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|No taste like home|
|Monday, 27 August 2012 21:06|
THE issue of food demand seems to be escalating almost on a daily basis in a
global context. Many will agree that no one should starve for food in Guyana, except if they are too lazy to plant, and we have achieved the MDG on food security. However, this is because the government has encouraged and promoted mechanisms for the nation’s farmers to produce more, especially with the “Grow more food campaign” and the Jagdeo Initiative on Agriculture”.
Nations worldwide continually endure hefty price increases for fuel , which triggers a domino effect on agriculture and other sectors; but Guyana’s government has created many facilitating mechanisms to cushion the negative impacts of these , as well as the effects of climate change that have been decimating farmers’ crops for years; but mitigating and adaptation processes have been implemented, and are continuing apace, with the Hope and Cunja canals being of primary importance to the survival of both the farming and residential communities on the coast, and other interventions of a similar nature being undertaken countrywide.
A while back, there was a hike in wheat on the world market, and as a consequence, flour prices increased in Guyana by 25 percent. Now rice is taking centre stage, with the government of Guyana encouraging more rice production, as well as diversification into non-traditional crop cultivation and export.
Several Caribbean trading partners are all targeting Guyana as their source of supply of food items, especially rice, with the additional Venezuelan and other markets share expanding incrementally.
The agriculture minister needs to work with the farmers closely to boost large-scale production, because a drive around Guyana reveals that there’s no shortage of agricultural land. What is more noticeable lately is that many former rice fields have now been converted into sub-divisions.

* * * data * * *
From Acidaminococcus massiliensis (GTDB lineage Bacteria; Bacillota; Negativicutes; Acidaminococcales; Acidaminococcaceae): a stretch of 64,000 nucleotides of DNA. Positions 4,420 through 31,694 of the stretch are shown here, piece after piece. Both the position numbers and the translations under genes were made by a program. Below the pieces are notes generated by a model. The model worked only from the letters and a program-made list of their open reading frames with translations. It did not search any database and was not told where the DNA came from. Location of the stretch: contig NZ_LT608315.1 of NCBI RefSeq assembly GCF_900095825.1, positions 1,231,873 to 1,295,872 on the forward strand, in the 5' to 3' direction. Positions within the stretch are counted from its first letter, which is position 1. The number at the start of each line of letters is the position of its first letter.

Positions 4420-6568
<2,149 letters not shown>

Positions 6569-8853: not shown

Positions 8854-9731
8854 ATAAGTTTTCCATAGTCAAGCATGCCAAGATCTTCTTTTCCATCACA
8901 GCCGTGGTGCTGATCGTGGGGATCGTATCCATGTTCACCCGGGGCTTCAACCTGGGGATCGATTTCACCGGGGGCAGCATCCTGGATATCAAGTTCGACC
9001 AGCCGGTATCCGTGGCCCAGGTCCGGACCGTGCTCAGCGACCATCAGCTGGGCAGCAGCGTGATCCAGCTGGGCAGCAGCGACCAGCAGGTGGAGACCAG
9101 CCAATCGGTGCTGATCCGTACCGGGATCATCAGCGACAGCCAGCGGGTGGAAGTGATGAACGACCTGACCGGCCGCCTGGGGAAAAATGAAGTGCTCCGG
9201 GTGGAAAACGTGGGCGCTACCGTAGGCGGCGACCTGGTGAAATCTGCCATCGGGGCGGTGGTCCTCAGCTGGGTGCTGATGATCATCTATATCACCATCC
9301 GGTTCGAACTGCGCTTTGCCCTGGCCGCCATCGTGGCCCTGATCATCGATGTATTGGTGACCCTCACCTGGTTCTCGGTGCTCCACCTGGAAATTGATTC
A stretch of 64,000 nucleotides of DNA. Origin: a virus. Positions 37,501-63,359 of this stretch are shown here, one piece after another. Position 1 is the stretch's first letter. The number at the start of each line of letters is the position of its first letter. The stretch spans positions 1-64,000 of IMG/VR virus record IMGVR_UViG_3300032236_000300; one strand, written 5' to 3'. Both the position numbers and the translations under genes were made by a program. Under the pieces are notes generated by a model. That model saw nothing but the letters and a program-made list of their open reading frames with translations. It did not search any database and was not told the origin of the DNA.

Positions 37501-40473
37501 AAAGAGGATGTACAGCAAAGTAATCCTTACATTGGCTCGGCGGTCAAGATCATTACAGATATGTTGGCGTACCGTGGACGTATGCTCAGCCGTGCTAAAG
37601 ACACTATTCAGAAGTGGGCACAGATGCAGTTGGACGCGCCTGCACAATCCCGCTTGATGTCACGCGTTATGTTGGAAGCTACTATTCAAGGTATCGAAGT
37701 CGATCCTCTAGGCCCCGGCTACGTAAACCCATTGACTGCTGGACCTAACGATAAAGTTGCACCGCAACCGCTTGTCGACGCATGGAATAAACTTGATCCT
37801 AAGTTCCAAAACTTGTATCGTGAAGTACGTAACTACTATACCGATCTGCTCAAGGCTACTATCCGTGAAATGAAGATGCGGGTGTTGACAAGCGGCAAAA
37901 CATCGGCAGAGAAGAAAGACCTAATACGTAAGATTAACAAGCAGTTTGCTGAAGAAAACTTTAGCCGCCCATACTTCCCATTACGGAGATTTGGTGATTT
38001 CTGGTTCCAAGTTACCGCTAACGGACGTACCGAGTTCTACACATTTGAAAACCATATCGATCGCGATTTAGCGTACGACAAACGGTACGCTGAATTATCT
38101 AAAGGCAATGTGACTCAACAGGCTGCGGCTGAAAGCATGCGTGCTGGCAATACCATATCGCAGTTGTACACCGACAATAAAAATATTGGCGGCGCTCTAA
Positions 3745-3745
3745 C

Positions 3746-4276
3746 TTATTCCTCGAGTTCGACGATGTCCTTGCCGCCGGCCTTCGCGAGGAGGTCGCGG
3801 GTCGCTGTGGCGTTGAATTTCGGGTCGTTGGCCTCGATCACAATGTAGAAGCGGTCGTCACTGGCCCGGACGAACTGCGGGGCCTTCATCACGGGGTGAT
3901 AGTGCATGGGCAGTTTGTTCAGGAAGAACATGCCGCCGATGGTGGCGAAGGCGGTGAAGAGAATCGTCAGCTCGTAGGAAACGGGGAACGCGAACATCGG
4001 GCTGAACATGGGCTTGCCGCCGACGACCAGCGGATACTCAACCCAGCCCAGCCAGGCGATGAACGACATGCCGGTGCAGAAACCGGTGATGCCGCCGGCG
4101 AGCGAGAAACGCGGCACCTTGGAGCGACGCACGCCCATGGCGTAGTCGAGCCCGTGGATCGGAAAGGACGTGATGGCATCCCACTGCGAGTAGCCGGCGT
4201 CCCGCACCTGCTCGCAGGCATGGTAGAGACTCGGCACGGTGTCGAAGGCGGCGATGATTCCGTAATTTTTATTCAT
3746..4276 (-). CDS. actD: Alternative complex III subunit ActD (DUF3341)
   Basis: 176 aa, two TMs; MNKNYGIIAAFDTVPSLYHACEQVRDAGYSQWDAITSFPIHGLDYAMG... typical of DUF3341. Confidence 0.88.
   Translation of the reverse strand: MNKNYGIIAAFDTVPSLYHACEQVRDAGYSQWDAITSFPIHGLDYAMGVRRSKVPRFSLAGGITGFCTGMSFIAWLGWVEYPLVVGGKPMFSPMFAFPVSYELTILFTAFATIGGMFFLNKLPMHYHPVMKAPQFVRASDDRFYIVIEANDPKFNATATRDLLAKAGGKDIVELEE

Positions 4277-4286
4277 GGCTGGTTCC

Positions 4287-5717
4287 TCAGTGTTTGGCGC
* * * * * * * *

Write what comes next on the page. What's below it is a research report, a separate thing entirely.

Guyana has to cash in now and be a key competitor with others on the world market. The opportunity is once again here and Guyana should take full advantage of it.
Guyanese have the ability to beat the high food prices. With a fertile soil and cattle-acquired manure, almost anything grows in Guyana.
In countries with seasonal climates, almost all foods are being imported and they fetch very high prices.
It is a fact that many overseas-based Guyanese, primarily in North America, do support Guyanese products, for which there is a great demand.
Guyana needs to tap even further into the North American and European markets, which are very lucrative. Many Guyanese in North America and Europe always want their “back-home” food on the table.
Arrangements should be made for Guyanese in North America and Europe to get more local products. There is a large Guyanese consuming public there, but visitors are prohibited from taking back vegetables and fruits, especially in the United States.
While Guyana is looking at ways to attract foreign currency in tourism, agriculture is being largely ignored and this could be the biggest earner of much needed foreign dollars.
Many overseas-based Guyanese are ready and willing to support Guyana’s economy by buying local, because there is no taste like home.
|Last Updated on Monday, 27 August 2012 21:08|
- Speaking with a concerted voice against this ‘naked vulgarity’
- Georgetown garbage scourge horrors
- Good news for our rice industry
- Those impeccable military standards
- Playing political football with the national interest
- Stable families make stable societies
- The dark practice of hypocrisy
- TVET assuming greater role in economic development
- A fine gesture to rice farmers
- Upholding the rights of the working class
- Of Motherhood and Nationhood
- Effective and proper drainage systems are vital
- An atrocity of uncivilised proportions
- Our continued economic success
- CHILD ABUSERS - simply monsters in human form
- The positives are visible
- Another record-breaking performance for the rice industry
- An unnecessary intervention
- Witter’s disdainful level of incivility
- The lawless mini-bus culture